3) Increased Federal Estate Tax Exemption
The federal estate tax exemption has doubled under the TCJA to $11,180,000 per individual ($22,360,000 per couple). This means that far fewer families will need a federal estate tax planning component to their estate plan, but that doesn’t mean tax obligations arising from death should be disregarded altogether.
For example, over the past few decades, many couples have turned to the AB trust to shelter their assets from the estate tax. With an AB trust (also known as a bypass trust) design, when the first spouse dies, the bypass trust is funded with an amount equal to the applicable exclusion amount in order to minimize federal and state estate taxes. Any remaining marital assets would transfer to the surviving spouse outright or be held in trust for his or her benefit. Because of the increase in the estate tax exemption, this type of trust planning could result in unnecessary restrictions on the surviving spouse. In addition, the beneficiaries of the estate could eventually incur more capital gains taxes due to a loss in a step-up in basis at the death of the surviving spouse.
How can you help your clients? Revisiting estate plans is essential for managing your clients’ tax liability, especially as there is a possibility that the threshold may come back down in the future. In this new tax environment, weighing potential estate tax versus capital gains tax liabilities is essential. If, upon revisiting your clients’ estate plan, it’s clear that the plan is no longer effective, you might discuss possible adjustments with your clients’ estate planning attorney present.
4) K–12 Tuition Included in 529 Plan Qualified Expenses
One of the more surprising changes under the TCJA is the expansion of the qualified expenses rules for 529 educational savings accounts: tuition for K–12 education is now considered a qualified education expense, meaning it’s not subject to taxation upon distribution. Previously, Coverdell accounts were the only tax-favored type of account available for funding K–12 education, so this change is attractive to many clients who are funding their minor children’s educations.
Not all states are excited about the change, however. As many states offer tax deductions for contributions to state-sponsored 529 plans, this change in the law potentially opens the opportunity for taxpayers to use a child’s 529 account simply as a way to receive a tax deduction on the tuition bill. Various states have issued statements indicating that, for state income tax purposes, distributions from 529 plans for K–12 tuition could be deemed taxable.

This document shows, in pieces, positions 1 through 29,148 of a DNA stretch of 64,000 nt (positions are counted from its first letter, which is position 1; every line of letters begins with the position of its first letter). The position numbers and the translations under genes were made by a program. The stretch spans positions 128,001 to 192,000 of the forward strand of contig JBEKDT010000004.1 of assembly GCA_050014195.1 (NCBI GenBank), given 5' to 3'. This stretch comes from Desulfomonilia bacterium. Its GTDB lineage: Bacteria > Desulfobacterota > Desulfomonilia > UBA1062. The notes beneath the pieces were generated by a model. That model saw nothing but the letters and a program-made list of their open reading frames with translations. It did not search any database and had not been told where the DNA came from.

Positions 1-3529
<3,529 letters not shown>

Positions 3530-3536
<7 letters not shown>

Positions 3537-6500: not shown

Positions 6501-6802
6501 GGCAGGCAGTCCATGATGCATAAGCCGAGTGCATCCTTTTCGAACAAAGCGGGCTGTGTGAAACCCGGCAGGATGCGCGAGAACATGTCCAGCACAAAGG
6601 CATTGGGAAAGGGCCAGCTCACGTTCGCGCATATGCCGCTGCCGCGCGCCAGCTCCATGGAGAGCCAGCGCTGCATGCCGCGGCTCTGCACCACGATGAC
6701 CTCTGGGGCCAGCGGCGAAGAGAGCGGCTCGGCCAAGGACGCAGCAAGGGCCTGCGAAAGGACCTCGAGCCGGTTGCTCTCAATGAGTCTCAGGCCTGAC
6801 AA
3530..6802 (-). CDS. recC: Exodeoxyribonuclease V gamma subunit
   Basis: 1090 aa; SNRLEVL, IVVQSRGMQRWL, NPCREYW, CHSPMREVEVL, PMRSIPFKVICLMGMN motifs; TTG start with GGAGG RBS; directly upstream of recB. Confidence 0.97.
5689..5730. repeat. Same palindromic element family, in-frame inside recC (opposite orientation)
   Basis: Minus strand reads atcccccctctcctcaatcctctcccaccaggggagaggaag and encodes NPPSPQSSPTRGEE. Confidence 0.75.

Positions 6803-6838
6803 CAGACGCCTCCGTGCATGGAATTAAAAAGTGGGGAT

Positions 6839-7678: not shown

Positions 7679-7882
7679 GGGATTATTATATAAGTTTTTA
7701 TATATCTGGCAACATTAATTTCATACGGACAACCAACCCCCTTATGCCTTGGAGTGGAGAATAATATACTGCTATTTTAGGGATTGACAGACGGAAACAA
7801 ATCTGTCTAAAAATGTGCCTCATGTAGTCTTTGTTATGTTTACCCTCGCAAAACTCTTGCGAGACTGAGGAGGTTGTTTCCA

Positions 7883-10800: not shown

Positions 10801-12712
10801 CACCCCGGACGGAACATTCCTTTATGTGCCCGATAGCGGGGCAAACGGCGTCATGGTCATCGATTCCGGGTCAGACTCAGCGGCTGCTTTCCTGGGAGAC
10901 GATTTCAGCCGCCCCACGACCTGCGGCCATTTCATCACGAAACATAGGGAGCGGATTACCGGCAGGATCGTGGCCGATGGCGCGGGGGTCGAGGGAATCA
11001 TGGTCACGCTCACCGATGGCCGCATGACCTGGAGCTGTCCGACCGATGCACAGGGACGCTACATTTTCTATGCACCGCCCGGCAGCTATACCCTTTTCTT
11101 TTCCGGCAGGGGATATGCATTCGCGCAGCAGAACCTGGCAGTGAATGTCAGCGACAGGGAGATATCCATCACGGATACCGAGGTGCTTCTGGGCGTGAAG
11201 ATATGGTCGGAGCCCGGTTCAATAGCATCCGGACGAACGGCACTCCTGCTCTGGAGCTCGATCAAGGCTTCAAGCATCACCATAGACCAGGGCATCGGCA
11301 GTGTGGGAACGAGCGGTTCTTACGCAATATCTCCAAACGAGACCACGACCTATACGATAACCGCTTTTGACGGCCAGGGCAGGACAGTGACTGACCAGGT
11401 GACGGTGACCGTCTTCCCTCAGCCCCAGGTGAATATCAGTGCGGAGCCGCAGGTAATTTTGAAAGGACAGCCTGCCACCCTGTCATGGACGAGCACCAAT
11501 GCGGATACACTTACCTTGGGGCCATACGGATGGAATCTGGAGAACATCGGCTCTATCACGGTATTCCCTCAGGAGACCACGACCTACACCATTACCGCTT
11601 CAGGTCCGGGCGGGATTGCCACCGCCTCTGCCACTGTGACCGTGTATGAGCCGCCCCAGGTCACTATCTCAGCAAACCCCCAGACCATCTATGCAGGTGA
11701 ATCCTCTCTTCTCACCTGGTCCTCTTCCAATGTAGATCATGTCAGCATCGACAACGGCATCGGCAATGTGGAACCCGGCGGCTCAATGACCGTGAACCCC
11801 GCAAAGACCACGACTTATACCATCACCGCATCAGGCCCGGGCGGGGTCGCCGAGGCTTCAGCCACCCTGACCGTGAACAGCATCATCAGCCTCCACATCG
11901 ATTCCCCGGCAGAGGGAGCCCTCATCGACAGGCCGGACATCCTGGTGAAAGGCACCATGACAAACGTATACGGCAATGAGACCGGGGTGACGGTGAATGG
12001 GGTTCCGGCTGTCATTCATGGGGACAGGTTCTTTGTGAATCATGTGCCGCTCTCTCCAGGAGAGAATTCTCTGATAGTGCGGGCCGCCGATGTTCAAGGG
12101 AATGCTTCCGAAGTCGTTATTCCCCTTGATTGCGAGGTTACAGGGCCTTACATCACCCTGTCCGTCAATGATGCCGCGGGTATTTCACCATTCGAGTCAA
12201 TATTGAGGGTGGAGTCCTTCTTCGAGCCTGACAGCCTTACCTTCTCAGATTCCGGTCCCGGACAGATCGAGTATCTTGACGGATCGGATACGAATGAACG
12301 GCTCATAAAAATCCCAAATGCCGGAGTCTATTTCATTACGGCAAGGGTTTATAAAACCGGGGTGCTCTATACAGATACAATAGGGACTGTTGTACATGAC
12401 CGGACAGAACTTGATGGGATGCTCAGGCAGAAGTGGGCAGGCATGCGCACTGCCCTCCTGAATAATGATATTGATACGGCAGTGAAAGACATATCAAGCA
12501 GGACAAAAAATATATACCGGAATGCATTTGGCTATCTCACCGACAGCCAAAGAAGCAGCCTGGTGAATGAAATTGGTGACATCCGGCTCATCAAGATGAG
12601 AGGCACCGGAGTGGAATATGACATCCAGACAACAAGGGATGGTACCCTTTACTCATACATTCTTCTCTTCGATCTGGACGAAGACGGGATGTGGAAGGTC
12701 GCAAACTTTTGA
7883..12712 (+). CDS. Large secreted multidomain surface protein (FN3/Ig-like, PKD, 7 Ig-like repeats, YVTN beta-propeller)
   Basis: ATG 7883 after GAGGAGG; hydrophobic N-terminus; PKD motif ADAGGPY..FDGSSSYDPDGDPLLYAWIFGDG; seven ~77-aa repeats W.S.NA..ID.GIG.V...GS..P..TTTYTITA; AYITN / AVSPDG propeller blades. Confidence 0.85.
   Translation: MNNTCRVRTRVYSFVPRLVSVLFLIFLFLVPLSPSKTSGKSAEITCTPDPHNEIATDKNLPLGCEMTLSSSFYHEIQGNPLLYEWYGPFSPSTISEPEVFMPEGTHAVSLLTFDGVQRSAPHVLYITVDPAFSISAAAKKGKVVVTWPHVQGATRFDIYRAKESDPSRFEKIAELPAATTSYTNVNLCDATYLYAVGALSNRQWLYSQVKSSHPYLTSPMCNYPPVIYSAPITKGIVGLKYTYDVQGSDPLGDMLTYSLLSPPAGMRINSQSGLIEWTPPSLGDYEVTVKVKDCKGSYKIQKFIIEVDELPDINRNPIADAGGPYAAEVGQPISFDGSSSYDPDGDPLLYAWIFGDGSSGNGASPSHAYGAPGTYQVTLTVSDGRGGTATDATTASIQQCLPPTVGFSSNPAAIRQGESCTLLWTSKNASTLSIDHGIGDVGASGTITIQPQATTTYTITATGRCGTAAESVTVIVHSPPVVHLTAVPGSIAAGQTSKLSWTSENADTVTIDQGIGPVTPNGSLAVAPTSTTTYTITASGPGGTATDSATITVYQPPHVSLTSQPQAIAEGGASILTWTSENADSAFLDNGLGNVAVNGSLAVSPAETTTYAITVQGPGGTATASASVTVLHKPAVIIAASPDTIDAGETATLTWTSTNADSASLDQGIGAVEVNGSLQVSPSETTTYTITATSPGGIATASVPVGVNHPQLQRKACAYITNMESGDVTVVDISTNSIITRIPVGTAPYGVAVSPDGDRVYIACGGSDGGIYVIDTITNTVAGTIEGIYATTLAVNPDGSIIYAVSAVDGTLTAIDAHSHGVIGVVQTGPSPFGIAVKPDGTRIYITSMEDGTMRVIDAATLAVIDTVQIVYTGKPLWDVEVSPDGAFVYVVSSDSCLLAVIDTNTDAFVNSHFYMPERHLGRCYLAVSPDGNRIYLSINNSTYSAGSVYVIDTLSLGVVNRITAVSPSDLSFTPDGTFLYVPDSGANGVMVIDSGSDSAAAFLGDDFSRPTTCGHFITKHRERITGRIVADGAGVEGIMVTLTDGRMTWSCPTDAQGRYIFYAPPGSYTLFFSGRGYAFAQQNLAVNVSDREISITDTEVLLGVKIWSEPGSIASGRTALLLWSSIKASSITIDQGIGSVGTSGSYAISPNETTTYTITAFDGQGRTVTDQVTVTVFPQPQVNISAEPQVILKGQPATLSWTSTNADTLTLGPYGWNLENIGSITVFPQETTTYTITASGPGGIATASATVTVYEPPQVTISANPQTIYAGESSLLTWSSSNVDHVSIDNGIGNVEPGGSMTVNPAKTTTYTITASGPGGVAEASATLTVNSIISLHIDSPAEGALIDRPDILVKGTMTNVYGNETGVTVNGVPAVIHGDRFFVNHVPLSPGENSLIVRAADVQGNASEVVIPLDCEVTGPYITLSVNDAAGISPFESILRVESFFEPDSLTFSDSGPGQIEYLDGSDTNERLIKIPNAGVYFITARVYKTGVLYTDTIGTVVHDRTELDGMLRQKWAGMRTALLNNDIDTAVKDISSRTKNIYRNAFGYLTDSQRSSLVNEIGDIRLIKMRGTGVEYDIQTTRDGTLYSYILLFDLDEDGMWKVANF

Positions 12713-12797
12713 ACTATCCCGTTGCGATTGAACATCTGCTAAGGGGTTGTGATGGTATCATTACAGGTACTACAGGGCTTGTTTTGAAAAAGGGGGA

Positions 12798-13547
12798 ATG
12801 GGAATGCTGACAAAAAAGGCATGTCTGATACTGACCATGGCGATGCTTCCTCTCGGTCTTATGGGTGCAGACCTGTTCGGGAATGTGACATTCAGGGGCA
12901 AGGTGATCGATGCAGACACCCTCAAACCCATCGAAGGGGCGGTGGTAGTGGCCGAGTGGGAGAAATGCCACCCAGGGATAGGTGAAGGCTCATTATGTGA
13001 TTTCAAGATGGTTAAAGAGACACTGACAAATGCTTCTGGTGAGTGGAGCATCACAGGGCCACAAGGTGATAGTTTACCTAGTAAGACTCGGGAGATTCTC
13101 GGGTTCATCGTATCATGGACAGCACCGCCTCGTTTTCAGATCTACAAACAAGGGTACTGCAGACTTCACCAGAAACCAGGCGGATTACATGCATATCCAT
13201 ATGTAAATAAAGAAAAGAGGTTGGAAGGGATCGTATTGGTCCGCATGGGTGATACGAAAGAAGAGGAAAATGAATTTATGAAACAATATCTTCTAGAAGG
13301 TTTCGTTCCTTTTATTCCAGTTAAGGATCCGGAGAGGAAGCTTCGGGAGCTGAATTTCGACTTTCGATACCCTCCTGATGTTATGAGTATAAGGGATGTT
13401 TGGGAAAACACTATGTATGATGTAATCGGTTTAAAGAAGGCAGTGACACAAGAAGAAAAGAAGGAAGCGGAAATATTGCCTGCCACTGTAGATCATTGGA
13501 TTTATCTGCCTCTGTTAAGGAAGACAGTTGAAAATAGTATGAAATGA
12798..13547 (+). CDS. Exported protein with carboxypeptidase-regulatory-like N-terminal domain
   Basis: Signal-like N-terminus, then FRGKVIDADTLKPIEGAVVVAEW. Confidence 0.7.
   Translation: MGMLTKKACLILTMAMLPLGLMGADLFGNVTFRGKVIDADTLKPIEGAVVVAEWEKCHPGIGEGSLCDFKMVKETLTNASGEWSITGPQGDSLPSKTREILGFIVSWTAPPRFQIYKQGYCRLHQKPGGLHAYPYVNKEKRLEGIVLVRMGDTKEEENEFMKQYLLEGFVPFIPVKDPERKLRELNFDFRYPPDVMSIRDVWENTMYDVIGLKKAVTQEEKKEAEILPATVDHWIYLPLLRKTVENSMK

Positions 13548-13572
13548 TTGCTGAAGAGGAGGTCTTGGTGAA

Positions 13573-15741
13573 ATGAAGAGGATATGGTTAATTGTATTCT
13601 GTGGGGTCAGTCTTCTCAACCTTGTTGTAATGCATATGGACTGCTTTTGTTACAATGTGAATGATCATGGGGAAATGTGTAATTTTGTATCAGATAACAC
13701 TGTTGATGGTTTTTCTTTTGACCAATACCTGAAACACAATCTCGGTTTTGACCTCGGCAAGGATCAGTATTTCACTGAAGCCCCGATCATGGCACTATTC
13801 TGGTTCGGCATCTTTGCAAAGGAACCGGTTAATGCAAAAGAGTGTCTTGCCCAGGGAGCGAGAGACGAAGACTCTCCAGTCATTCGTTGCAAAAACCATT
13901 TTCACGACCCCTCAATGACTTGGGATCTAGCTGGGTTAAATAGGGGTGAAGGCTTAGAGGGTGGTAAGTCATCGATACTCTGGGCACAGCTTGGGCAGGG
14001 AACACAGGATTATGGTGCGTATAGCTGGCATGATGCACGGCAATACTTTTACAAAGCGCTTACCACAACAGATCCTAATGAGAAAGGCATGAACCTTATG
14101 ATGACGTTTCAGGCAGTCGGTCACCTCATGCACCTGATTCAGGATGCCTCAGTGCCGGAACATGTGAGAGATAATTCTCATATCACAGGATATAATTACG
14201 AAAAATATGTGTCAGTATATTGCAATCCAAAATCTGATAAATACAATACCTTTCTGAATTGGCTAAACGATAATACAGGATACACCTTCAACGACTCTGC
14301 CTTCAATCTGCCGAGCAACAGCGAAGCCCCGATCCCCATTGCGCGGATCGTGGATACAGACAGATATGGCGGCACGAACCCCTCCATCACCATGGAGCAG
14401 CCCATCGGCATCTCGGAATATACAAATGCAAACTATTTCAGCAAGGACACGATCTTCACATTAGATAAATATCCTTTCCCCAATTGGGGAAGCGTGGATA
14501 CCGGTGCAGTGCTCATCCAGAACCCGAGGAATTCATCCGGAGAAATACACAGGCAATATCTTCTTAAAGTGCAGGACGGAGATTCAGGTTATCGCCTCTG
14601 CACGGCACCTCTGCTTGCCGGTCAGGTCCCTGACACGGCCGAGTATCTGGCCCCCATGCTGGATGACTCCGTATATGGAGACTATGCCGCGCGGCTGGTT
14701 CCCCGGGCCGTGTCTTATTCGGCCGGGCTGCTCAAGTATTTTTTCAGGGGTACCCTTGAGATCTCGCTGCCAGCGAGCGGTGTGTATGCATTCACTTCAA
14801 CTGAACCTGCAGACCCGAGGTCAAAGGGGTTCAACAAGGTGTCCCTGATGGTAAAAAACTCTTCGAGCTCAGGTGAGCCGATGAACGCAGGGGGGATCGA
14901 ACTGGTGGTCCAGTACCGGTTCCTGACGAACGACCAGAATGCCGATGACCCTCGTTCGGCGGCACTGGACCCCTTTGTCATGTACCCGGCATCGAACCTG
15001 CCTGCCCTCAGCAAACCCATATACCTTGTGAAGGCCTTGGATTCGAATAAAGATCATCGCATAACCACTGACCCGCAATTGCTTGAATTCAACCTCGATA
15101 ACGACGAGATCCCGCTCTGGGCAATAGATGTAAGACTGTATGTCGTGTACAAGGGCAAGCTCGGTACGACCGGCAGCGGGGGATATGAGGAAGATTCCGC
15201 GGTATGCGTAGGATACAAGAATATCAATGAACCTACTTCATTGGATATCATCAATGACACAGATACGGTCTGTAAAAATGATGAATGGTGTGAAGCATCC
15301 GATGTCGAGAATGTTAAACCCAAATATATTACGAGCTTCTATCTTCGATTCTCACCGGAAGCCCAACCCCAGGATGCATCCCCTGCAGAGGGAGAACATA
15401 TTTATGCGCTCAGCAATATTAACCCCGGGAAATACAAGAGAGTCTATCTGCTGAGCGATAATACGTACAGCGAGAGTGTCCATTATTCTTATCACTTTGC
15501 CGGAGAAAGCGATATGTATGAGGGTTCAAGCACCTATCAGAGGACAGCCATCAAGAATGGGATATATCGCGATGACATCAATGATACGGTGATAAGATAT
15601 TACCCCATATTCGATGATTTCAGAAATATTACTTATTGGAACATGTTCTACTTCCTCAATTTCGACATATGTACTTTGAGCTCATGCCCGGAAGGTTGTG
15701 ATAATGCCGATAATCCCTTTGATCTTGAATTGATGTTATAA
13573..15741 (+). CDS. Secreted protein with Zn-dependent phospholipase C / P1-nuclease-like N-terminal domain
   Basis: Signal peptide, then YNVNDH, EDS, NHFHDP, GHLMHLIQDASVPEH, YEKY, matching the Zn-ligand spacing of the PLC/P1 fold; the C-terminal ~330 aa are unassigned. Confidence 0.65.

How can you help your clients? Remind them that traditional qualified expenses for higher education include room and board and school supplies; however, only tuition is a qualified expense for K–12 education. Therefore, attempting to pay for any elementary or secondary school expenses outside of tuition with money from a 529 plan could expose that money to tax and penalty. Further, as this law is so new, it’s important to ensure that clients know how their state is handling this new change and perhaps encourage them to take a conservative approach to distributions from 529 plans until more information becomes available.
Making the Most of New Opportunities
As we near year-end, reminding your clients of these changes and discussing potential revisions to their financial and estate plans can help them take advantage of opportunities afforded under the TCJA. By staying up to date on the changes that are likely to affect your clients the most, you can ensure that they feel confident in their plans going into the upcoming tax season.
Have you revisited your clients’ financial and estate plans to account for changes under the TCJA? Do you bring in tax and legal professionals when managing your clients’ tax liability? Please share your thoughts with us below.
Commonwealth Financial Network® does not provide legal or tax advice. You should consult a legal or tax professional regarding your individual situation.